In general, a CSI or CS tech actually visit a crime scene. They're the one's collecting (and submitting) evidence, and (typically) work at or very closely with a police or sheriff's office. While a forensic tech stays in a lab and actually tests the submitted evidence (in a sterile lab environment) according to their training.
This is where the State-by-State cases emerge. Some states train their Forensic Scientists to be a jack of all trades, they don't specialize in any one field and have some experience in numerous fields. Meanwhile some States separate their forensic scientists by specializations (Firearms, DNA, toxicology, Document Analysis, etc.) In these States CSI is just another specialization that falls under the umbrella of "forensic science."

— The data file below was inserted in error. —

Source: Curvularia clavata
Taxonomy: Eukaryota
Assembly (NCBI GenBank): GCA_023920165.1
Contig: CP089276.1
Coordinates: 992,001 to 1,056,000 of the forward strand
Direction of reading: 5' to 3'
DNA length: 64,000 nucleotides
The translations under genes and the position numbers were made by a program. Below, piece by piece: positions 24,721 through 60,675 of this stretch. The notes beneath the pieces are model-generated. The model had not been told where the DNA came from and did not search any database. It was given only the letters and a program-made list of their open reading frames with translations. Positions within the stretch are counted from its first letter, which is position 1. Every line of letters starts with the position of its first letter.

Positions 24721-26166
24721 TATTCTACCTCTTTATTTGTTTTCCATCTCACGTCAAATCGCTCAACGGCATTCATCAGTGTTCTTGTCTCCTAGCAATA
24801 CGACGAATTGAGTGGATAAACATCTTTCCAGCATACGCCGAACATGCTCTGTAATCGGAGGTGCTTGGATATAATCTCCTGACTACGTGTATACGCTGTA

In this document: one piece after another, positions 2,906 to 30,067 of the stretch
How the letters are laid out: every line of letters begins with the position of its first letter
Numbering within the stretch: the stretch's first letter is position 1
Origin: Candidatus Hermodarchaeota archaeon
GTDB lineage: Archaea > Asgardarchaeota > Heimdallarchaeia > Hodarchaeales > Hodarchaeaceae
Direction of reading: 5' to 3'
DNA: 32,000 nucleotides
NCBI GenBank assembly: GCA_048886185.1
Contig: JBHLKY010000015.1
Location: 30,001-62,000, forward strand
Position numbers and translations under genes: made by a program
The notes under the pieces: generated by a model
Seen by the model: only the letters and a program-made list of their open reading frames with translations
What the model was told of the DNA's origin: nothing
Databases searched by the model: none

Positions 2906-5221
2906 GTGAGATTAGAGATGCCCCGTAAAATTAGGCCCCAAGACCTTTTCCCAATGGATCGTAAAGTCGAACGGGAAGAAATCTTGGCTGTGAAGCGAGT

Such States normally advertise the specialty with the position, however, such that you may see a sheriff's office advertising for a "Crime Scene Tech - Latent Prints." (Someone to go out to crime scenes and collect evidence/check for fingerprints.) Or a State Law Enforcement Agency asking for a "Forensic Tech - DNA Analysis." (Someone to stay in a lab and retrieve DNA from samples submitted to them.)